Orphan Train Rider statue unveiled at CES
An Orphan Train Rider statue honoring Hayes Rutherford DeVore, Alfred Weinhold and Helen Weinhold Ross was unveiled at the Concordia Elementary School on Saturday.
Lyle Ross, the son of Helen Weinhold Ross and the nephew of Alfred Weinhold unveiled the statue, which is the 24th placed in Concordia by the National Orphan Train Complex.
The statue was sponsored by the Concordia Elementary School Parents in Education group and Lyle, Jane, Lisa and Kevin Ross.
On November 10, 1911, 18 boys and girls arrived in Clyde under the care of agent Anna Laura Hill of the Children's Aid Society of New York. Among the children were Hayes, Alfred and Helen.
Hayes was the son of Zachary and Mary DeVore. He was born in Elmira, New York in January 1911. His relatives were unable to care for him, and he was taken in by the authorities of the Southern Tier Orphans' Home in Elmira.
During the placing out meeting in Clyde, Hayes was placed with John Christian and family of Clifton.
Hayes moved to Marian in 1915. He enlisted in the U.S. Army in 1919 at age 17 and was sent to France with the American Expeditionary Forces as part of the 59th Co. Camp Mead Replacement Unit #10 in July 1919. In 1920, Hayes spent time as a patient in the U.S. Army General Hospital at Fort Sheridan before returning to Europe. He returned from Antwerp, Belgium on January 14, 1922, arriving in Brooklyn, New York.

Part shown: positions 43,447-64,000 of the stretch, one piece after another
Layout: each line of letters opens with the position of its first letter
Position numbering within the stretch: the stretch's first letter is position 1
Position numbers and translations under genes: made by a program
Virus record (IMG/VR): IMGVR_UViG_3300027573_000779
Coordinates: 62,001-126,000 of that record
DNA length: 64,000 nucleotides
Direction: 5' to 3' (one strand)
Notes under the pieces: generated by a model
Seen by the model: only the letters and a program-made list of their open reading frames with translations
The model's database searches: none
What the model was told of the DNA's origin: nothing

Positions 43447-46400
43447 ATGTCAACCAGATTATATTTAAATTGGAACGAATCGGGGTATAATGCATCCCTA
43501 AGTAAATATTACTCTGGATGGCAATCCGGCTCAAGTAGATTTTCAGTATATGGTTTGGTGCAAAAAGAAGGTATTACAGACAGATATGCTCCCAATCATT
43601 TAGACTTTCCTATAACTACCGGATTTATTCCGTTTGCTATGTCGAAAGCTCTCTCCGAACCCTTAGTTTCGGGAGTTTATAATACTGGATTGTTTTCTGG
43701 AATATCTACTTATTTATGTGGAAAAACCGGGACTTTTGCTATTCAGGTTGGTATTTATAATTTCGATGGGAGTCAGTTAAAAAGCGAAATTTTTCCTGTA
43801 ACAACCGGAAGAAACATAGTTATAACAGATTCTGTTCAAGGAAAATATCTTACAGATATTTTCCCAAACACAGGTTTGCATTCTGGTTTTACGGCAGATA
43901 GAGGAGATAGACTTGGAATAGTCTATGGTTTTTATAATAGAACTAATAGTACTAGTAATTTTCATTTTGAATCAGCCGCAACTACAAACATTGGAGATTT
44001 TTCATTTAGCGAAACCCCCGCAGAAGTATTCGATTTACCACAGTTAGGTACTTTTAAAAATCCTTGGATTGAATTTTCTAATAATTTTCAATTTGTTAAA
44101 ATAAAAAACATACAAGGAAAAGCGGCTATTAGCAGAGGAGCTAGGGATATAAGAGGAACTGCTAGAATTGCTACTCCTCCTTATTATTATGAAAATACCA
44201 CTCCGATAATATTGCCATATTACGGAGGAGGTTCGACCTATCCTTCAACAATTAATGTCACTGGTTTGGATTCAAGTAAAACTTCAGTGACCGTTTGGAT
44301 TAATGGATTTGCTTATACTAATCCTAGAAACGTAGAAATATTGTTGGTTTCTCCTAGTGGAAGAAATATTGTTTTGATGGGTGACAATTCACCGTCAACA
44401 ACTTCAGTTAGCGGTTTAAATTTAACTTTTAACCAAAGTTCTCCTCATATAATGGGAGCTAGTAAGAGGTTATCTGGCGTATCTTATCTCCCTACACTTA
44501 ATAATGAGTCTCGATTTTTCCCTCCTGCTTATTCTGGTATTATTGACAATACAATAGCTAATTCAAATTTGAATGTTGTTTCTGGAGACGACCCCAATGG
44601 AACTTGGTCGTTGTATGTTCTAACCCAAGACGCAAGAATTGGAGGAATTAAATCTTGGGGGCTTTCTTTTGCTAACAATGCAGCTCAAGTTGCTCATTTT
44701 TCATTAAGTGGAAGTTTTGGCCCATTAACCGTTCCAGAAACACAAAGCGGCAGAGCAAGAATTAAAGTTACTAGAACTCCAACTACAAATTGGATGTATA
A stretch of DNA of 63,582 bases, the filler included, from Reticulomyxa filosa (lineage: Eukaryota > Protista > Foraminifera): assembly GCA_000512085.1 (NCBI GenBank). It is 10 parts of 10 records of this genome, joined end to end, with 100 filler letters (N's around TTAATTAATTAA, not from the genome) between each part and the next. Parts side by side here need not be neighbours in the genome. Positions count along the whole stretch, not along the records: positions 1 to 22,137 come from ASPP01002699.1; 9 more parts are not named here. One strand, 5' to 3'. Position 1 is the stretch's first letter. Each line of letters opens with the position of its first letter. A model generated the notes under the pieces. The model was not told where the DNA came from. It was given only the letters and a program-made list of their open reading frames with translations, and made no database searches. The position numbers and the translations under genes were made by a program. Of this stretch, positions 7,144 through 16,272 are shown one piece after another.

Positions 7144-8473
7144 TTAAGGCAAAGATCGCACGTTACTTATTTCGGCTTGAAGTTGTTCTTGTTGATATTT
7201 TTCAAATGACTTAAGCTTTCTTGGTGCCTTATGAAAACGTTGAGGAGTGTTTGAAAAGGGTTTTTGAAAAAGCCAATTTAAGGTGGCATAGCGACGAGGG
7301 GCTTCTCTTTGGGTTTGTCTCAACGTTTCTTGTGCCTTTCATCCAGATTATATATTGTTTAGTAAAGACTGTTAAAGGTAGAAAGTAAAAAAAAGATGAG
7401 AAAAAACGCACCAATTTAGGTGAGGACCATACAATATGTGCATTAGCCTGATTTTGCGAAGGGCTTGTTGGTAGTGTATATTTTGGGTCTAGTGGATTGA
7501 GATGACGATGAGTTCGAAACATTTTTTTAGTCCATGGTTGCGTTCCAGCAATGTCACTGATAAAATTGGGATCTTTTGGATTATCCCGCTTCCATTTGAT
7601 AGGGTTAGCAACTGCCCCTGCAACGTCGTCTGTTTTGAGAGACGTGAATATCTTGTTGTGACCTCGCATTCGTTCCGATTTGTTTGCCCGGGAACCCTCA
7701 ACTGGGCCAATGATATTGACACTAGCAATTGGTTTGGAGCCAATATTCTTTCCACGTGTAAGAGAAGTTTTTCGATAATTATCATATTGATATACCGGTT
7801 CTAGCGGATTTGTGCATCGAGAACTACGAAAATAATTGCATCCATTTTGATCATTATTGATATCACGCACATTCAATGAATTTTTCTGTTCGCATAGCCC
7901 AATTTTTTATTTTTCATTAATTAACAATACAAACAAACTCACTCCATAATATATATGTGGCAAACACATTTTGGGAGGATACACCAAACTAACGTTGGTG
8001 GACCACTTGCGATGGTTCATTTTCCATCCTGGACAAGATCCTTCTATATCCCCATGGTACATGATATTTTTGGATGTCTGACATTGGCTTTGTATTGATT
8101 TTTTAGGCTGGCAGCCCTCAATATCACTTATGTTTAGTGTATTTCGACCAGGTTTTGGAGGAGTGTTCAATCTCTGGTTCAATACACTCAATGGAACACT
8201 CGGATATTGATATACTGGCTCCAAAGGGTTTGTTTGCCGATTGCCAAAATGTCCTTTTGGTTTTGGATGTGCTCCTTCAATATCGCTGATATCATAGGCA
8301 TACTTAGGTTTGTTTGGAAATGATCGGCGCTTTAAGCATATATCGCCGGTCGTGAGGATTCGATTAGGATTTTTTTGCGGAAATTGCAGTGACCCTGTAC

Alfred and Helen were born in New York to German immigrants Fred and Hattie Weinhold.
After the death of Hattie, Fred left the family and passed away.
Alfred and Helen were turned over to the Children's Aid Society to fund a new home out west in Clyde. They were placed with J. Ed and Libbie Simmons.
Helen attended normal training and became a teacher. She taught in Washington and Clay counties and married Elmer Ross in 1933. They had two children, Shirley and Lyle Ross.
Alfred, after a year with the Simmons family, was moved between homes in Clay Center and Marion. He enlisted in the U.S. Navy and served in World War I and World War II. He made his home in Wichita and worked at the Broadview Hotel while attending Wichita Business College.
Alfred and Helen remained in contact throughout their lives.
The bronze Orphan Train Rider statues are created by the Randolph Rose Collection in Yonkers, New York.
The 25th statue will be unveiled at 5:15 p.m. Friday at the Cloud County Historical Society Museum.